Technology enhances education, says SD43 manager
Brian Kuhn is the manager of Information Services for School District 43 and a blogger who writes about education and technology issues at www.shift2future.com. In this Q and A with education reporter Diane Strandberg, Kuhn discusses the trends in education technology and issues raised during a conference he attended in late June.
Q. ISTE (The International Society of Technology Educators) in San Diego in June brought together hundreds of education leaders, organizations and businesses together to talk about the future of technology and education, what were you hoping to accomplish by attending this conference?
A. This being the largest educational technology conference, is the place to meet edtech thought leaders, see the latest edtech products, and to learn some of the best edtech practices and tools, all in one place. I wanted to experience this personally to expand my network for, knowledge, and understanding of edtech. Although we can easily connect online through twitter, blogs, email, and video conferencing, being human we still have a need to engage with each other face to face. Relationships and the resulting sharing and helping are strengthened and the online interactions are more productive and enjoyable.
Q. In your blog summarizing your participation in the conference, you note that you used 3D technology to solve math problems, iPad applications to create a video essay and Lego programming language to drive a robot, among other things. Do these programs have any practical use in the classroom and, if so, why?
A. I believe that programming (2D and 3D) and robotics are practical, fun, and engaging methods to learn and apply math, geometry, physics, art, music, and logic as well as acquiring practical real-world valuable computer skills. The iPad, particularly the vast array of apps, provide new ways for students to create and represent their learning across subject areas — rather than limited to words on a page, students working together research, gather information, record images and video, write, document, and share their learning with others in rich engaging ways. With these tools, students have 10’s of $1000’s of tools, millions of dollars of information to work with at very little cost — never before in history has this been the case.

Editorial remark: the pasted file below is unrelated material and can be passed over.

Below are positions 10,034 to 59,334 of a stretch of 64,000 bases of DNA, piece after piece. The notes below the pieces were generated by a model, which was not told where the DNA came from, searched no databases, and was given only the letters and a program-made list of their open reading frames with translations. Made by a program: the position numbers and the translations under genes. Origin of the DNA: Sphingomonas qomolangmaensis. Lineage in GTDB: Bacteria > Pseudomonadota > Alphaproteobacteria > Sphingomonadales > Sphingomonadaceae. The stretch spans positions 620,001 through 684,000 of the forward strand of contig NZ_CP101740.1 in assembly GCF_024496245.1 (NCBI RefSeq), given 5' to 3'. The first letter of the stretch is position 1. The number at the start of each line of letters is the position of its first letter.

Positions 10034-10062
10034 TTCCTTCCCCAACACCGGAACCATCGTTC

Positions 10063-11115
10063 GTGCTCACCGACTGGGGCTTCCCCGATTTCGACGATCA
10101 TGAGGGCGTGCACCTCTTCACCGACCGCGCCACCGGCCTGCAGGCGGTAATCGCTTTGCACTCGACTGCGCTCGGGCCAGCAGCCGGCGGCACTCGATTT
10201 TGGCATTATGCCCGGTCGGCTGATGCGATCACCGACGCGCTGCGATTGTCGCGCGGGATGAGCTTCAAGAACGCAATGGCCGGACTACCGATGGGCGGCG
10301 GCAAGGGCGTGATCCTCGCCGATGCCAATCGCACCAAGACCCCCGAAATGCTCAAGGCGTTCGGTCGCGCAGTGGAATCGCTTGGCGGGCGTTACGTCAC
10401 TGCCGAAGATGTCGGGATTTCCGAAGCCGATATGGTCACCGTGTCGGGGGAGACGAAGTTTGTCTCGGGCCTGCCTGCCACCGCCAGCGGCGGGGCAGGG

Q. Do you think tablets and iPads will replace laptops in the classroom, are they a more affordable option for schools? Are they limited as to their applications?
A. For students, I think they can replace laptops for younger students. But as students move to higher grades, the types of writing, creating, producing will become more sophisticated, and the utility of a laptop (mouse, keyboard, larger display, multi-windowed, multi-tasking, fast) becomes more important. Ideally, students would have access to laptops, tablets/iPads, and smartphones. There are overlaps in use but they each bring specific value to learning and work. Tablets and iPads are still quite expensive. As their cost comes down, we will see them proliferate in schools as teachers understand their specific value to learning and teaching.